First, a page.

In the world of futures markets, there are many important roles for professionals with expertise in trading, executing, margining, settling, brokering, and even managing client funds that invest in these markets. The Commodity Futures Trading Commission (CFTC) requires registration via the National Futures Association (NFA) for many of these individuals and organizations, such as futures commission merchants (FCMs). These positions facilitate a separation of responsibilities and create efficiency within the industry.
Keep reading to take a closer look at a few of these important roles: the introducing broker (IB), the associated person (AP), the commodity trading advisor (CTA), and the commodity pool operator (CPO).
The IB or introducing broker is a professional broker that deals in futures, forex, commodity options, and swaps. The IB often has a direct relationship with a client. However, the IB delegates the client's futures orders to a futures commission merchant or retail foreign exchange dealer for execution, clearing, and settlement. The role of the IB increases efficiency in that it allows the IB to focus on client needs while the FCM concentrates on execution, trading, and floor operations.
The IB receives a commission for orders directed toward the FCM. An IB can work for one or more FCMs.
Futures Commission Merchant and Associated Persons
A futures commission merchant (FCM) or related futures company employs an associated person (AP) to execute customers' orders. APs are involved in the solicitation or facilitation of transacting client futures orders, the maintenance of discretionary accounts, and participation in the futures markets.
Discretionary accounts are usually those where an AP will have discretion over buying and selling for a client. These accounts must have written power of attorney according to market regulations. That allows them to trade commodities without consulting the clients. In most cases, all employees of FCMs must register with the NFA as APs.
Commodity Trading Advisor
A commodity trading advisor or a CTA can be an individual or a firm. CTAs provide individualized advice regarding the buying or selling of futures contracts, options on futures contracts, or certain foreign exchange contracts. While a CTA acts like a financial advisor, the role is unique to trading in products on futures exchanges. As with APs, a CTA often has discretion over the funds that clients deposit—they can buy and sell commodities under their management as they see fit. CTAs have specific reporting requirements designated by the ultimate regulator, the CFTC.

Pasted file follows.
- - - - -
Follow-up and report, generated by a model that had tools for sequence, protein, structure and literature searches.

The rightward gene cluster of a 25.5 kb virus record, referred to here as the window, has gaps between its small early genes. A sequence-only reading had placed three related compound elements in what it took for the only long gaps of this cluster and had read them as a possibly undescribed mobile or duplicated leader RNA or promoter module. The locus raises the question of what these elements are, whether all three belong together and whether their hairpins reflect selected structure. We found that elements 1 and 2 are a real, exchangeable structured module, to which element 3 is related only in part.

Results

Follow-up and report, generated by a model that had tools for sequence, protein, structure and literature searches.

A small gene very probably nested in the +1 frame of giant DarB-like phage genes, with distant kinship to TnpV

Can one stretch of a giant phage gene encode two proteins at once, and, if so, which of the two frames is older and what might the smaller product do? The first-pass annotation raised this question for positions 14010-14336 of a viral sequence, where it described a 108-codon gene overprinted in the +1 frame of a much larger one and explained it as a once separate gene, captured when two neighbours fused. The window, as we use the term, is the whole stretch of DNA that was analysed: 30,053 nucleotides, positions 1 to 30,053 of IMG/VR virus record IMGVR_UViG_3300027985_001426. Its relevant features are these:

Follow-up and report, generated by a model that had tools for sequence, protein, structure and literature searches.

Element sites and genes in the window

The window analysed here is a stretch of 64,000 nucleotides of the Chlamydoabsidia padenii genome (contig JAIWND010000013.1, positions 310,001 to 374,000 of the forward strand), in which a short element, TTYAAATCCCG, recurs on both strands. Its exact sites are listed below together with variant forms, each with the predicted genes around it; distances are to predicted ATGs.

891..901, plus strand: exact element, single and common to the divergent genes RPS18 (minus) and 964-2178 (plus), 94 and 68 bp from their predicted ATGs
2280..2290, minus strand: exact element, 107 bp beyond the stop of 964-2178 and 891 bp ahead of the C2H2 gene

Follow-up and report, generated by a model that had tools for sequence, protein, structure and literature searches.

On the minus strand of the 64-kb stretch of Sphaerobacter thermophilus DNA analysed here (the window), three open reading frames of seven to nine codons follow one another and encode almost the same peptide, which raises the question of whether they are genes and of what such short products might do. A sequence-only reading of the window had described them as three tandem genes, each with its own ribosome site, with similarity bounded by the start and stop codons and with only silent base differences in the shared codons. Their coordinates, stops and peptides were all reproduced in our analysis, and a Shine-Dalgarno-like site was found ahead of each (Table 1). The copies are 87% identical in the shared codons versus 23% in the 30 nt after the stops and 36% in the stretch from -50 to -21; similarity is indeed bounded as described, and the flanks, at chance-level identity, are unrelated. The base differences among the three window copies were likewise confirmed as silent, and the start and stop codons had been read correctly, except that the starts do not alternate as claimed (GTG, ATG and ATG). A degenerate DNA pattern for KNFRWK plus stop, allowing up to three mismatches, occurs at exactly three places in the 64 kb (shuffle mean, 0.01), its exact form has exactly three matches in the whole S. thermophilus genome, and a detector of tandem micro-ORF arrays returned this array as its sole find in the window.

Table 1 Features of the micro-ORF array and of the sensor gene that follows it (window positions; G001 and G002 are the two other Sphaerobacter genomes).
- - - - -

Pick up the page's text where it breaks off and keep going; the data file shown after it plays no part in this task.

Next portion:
Commodity Pool Operator
A commodity pool operator is an individual or a firm that solicits and receives funds from clients for investment in commodity futures, options on futures, and any vehicles that trade on commodity futures exchanges in aggregate. A CPO aggregates client funds in a pool and then invests these funds in one central account, thus pooling that capital. While there are many similarities between a CTA and a CPO, the CFTC has specific rules and regulations that distinguish between the two.
Regulation of Futures
All of these professionals, who do business in the futures markets, must pass a proficiency test that the NFA administers. That exam is the Series 3 exam. Under certain circumstances, exemptions are possible so long as the regulatory body, the CFTC, approves that exemption.
The regulatory environment for commodity futures trading and brokering dates back to the 1970s when retail investors became active in futures markets and Congress created the CFTC. The CFTC has gradually expanded the regulatory requirements for all professionals involved in these markets.
Futures markets operate with a high degree of leverage. Therefore, the potential for significant gains has attracted many investors and traders in recent decades. However, when there is a high profit potential, there always exists a potential for significant losses, as well.
The regulatory environment protects not only clients of these professionals but standardizes the rules and regulations in an attempt to create a level playing field for all market participants.
The CFTC has five commissioners that serve staggered five-year terms. The longest-serving commissioner was sworn in on Aug. 15, 2017. Commissioners are nominated by the president and confirmed by the Senate. There is a limit that no more than three commissioners from the same political party can serve at the same time.